What Are Current CD Rates?
What’s a CD?
CDs are different than their savings account counterparts. Shorthand for “certificate of deposit”, CD accounts commonly share one characteristic: a fixed rate. Account holders scout banks to see whose offering the best rate for maximum savings, signing on before banks decide to lower rates on CD accounts.
Why Saving Accounts Rate Drop
CDs have an edge over their cousin, the savings account. Recently, the Federal Reserve has announced it’s cutting the federal funds rate down a quarter of a percentage point and banks will follow suit, likely lowering their savings account yields in response.
CD accounts, with their fixed terms and fixed rates, don’t adhere to the ebbs and flows like a traditional savings account. Your CD will remain unchanged, taking advantage of the rate you were initially given at its opening, no matter what the Federal Reserve or banks decide.
But CD accounts are not immune to change, that’s to say. Banks will still set the rate, but it just won’t change over the lifetime of your account. The national average for a five-year CD in May of this year peaked at 1.28% APY, the highest point it’s been since 2011, according to information gleaned from the Federal Deposit Insurance Corporation.
Meanwhile, one-year and three-year account rates followed a similar path of positivity, climbing to .67% APY and 1% APY. Also, online banks and credit unions have enjoyed the highest yields of CD rates this year. Online financial institutions tend to have a more climatic increase of yields, which could perhaps be attributed to their ability to save on brick and mortar needs, focusing on consumer aspects instead. These institutions saw their five-year account rate yield peak at 3.14% APY as the average for 10 online banks and credit unions.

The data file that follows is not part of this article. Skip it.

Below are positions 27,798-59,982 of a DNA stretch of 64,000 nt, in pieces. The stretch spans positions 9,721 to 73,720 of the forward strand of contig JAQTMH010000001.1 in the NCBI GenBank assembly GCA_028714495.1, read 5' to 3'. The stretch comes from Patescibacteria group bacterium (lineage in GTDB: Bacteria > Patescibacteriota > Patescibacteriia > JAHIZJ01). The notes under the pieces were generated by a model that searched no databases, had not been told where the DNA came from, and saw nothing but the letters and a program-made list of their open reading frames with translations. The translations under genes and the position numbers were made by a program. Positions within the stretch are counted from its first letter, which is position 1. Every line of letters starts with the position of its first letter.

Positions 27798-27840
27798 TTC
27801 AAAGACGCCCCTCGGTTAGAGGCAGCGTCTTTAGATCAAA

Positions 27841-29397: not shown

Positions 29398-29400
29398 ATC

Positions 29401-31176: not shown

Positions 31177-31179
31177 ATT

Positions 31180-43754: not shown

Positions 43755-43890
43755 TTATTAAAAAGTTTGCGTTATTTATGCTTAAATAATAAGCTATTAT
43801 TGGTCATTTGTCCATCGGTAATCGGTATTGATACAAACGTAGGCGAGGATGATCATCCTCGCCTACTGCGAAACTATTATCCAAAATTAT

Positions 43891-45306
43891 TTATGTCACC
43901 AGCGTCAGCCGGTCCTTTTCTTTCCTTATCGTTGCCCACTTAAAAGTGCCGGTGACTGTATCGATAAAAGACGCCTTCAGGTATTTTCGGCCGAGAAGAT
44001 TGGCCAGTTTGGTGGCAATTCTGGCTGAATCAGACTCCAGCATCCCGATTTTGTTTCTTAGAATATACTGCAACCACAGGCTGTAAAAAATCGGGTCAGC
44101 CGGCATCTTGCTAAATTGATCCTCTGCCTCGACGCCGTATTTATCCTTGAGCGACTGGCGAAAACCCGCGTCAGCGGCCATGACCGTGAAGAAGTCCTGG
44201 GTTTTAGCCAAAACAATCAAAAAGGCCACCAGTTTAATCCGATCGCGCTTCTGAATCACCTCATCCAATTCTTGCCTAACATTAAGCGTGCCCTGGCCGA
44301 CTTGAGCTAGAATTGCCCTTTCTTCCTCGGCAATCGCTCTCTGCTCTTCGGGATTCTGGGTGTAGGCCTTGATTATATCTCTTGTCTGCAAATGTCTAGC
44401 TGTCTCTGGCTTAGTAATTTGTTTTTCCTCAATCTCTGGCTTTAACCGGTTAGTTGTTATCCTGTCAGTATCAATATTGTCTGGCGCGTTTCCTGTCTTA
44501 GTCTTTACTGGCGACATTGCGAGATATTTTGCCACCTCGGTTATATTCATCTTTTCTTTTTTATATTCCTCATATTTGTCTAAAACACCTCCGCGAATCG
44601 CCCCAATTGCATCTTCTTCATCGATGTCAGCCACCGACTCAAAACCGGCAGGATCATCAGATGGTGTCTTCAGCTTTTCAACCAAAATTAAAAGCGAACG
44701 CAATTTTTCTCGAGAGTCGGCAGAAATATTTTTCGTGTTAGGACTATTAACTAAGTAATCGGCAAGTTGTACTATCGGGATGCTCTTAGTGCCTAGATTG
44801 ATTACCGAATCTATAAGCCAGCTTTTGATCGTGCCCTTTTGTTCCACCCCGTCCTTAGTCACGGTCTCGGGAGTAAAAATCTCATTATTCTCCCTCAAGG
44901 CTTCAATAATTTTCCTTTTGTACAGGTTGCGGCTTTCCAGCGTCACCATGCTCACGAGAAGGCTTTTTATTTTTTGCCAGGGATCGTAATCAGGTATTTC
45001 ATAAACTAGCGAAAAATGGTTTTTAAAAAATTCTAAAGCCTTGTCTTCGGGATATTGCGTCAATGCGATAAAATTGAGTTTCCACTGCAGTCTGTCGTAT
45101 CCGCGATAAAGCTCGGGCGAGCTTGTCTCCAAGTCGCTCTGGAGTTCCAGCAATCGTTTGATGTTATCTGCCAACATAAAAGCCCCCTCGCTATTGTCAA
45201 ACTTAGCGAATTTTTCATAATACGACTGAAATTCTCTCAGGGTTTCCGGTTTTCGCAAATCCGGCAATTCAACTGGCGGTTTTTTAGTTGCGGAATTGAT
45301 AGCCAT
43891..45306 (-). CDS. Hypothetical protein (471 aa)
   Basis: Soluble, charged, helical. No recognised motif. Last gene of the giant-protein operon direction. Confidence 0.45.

CD Accounts and Their Current Rates
What about current CD rates? Unfortunately, the news for account seekers is that the rates have been dropping after hitting these peaks earlier this year. That doesn’t mean that banks aren’t offering lucrative rates for CD accounts. You may not be able to snag them at their peak, but you can still get a beneficial fixed rate for your CD account.
Marcus by Goldman Sachs
Marcus is an attractive route for CD seekers. If you choose to go with Marcus, you’ll be gifted with a 10-day CD rate guarantee, which will actually change your rate to match the higher one in the event your selected CD term happens to climb during this period of time. All that’s required of you is a minimum deposit of $500 to open a CD account.
Marcus by Goldman Sachs offers three different CD account term lengths: 1-year, 3-year, and 5-year. The accounts have a 2.50%, 2.60% and 2.80% APY respectively. As of now, Marcus has the highest APY going on the CD market.
Popular by Popular Direct
If patience is one of your virtues, then entertain the 5-year CD account with Popular Direct because it has the second-highest APY next to Marcus by Goldman Sachs. Its 5-year CD account has a 2.70% APY for a 5-year CD, although the catch may deter some account holders.
This 5-year account does have the requirement of a $10,000 minimum deposit, which is a little pricey and a considerable amount of money to stow away for a full five-year term. Popular Direct does offer a 3-year and 1-year CD account. For a 1-year term, your APY is 2.30%, and for a 3-year term, it’s 2.55%.